Employee Benefits News examines legal developments that impact the employee benefits and executive compensation employers provide, including federal and state legislation, rules from federal...
Sept. 7 — International Business Machines Corp. and its executives won dismissal of lawsuits claiming that a 17 percent drop in the company’s stock price implicated federal securities laws and caused workers to lose retirement savings in violation of ERISA ( Jander v. Int’l Bus. Machs. Corp. , 2016 BL 291159, S.D.N.Y., No. 1:15-cv-03781-WHP, 9/6/16 and Int’l Assoc. of Heat & Frost Insulators & Asbestos Workers Local #6 Pension Fund v. Int’l Bus. Machs. Corp. , S.D.N.Y., No. 1:15-cv-02492-WHP, 9/7/16 ).
A federal judge in simultaneous orders Sept. 7 dismissed separate lawsuits challenging the IBM stock drop under both the Employee Retirement Income Security Act and federal securities laws. The judge’s orders allow the IBM workers bringing ERISA-based claims—but not the investors bringing securities claims—another opportunity to make their case.
In the rulings, Judge William H. Pauley III of the U.S. District Court for the Southern District of New York squarely addressed the different standards applicable to stock-drop challenges brought under ERISA and under securities laws. Pauley said that the allegations against the IBM executives were insufficient to meet the “scienter” requirement of the Private Securities Litigation Reform Act, but they stated a plausible claim under the “lower pleading standards applicable to an ERISA action.”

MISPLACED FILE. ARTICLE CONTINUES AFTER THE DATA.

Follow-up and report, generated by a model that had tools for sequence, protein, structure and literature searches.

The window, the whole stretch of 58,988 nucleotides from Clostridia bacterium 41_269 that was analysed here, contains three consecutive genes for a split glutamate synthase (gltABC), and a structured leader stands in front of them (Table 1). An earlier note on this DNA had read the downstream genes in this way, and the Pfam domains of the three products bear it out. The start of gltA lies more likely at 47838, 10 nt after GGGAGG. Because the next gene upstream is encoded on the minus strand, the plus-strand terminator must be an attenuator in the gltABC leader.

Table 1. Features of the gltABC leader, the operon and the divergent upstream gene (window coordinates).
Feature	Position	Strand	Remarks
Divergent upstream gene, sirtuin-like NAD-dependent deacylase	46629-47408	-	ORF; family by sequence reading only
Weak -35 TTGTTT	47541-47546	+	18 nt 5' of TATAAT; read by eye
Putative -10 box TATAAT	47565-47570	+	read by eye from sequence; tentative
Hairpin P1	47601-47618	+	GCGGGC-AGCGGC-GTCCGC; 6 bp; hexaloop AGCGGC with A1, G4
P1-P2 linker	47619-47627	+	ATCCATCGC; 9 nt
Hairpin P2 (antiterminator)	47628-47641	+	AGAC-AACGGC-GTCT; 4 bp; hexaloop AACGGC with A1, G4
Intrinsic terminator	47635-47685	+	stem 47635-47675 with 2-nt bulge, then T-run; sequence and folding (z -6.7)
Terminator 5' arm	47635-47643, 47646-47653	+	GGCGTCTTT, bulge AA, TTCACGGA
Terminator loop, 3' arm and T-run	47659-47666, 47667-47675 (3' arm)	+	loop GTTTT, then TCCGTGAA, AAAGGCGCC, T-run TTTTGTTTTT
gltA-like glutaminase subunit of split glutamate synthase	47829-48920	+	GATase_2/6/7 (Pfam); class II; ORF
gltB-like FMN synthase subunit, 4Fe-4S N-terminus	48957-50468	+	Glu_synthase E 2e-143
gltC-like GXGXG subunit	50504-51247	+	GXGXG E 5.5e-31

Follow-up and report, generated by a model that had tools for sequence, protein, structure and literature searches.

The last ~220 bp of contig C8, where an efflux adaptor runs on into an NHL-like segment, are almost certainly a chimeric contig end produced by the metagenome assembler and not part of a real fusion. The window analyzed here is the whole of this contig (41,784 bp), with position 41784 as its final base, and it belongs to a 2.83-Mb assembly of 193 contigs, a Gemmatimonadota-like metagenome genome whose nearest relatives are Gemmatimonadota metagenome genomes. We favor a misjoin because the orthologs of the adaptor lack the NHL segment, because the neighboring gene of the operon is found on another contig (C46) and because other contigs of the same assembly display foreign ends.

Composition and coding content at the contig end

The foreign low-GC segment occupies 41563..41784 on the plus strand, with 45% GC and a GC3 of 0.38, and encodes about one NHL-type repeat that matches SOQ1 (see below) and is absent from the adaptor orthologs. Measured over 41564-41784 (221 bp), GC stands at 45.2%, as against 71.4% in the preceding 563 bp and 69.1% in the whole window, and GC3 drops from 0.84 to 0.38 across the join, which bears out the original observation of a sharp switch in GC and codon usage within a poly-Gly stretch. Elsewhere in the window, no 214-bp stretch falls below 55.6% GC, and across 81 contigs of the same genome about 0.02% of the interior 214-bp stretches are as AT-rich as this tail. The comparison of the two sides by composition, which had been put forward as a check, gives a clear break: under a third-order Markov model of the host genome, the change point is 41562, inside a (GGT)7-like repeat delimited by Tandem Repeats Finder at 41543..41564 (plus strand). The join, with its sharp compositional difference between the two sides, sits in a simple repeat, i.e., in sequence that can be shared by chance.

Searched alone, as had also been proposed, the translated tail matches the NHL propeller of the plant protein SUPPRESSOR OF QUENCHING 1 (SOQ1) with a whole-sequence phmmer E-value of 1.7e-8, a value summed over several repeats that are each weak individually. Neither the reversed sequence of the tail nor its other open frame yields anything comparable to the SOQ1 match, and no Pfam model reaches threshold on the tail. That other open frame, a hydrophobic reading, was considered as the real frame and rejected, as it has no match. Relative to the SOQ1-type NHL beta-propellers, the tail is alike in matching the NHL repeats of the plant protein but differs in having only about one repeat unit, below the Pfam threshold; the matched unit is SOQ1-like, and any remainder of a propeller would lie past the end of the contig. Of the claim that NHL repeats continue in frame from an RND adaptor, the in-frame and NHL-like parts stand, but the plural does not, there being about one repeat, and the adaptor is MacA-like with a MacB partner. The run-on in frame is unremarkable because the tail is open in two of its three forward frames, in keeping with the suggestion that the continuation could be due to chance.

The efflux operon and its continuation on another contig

In the ERISA case, Pauley considered a conflict running through ERISA stock-drop challenges since the U.S. Supreme Court established new pleading standards in 2014.
Under Supreme Court precedent, stock-drop cases based on publicly available information are generally implausible, while claims based on executives’ inside information can succeed if plaintiffs meet certain requirements—specifically, the requirement to plead an alternative course of action that plan fiduciaries could have taken that wouldn’t, in the view of a prudent fiduciary, be likely to do more harm than good to the value of company stock.
In the ERISA lawsuit against IBM, the company’s workers argued that their case was based on inside information and therefore subject to the somewhat more plaintiff-friendly pleading standard. IBM disagreed with this characterization and argued in its motion to dismiss that the case was actually based on public information and therefore had to satisfy the stricter standard.
On this point, Pauley agreed with the workers, finding that their lawsuit rested on allegations of inside information and therefore was subject to the lower pleading standard.
Even so, Pauley made clear that this lower pleading standard was actually “highly demanding.” Pauley found that the workers failed to identify an alternative action that the IBM executives could have taken that wouldn’t have been seen as more likely to do harm than good to the stock price.
Zamansky LLC represents the IBM workers in the ERISA case. Labaton Sucharow LLP and Motley Rice LLC represent the investors in the securities case. Davis Polk & Wardwell represents IBM.
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Text of the ERISA decision is at http://www.bloomberglaw.com/public/document/LARRY_W_JANDER_RICHARD_J_WAKSMAN_and_all_other_individuals_simila. Text of the securities decision is at http://www.bloomberglaw.com/public/document/International_Association_of_Heat_and_Frost_Insulators_and_Asbest.
Copyright © 2016 The Bureau of National Affairs, Inc. All Rights Reserved.
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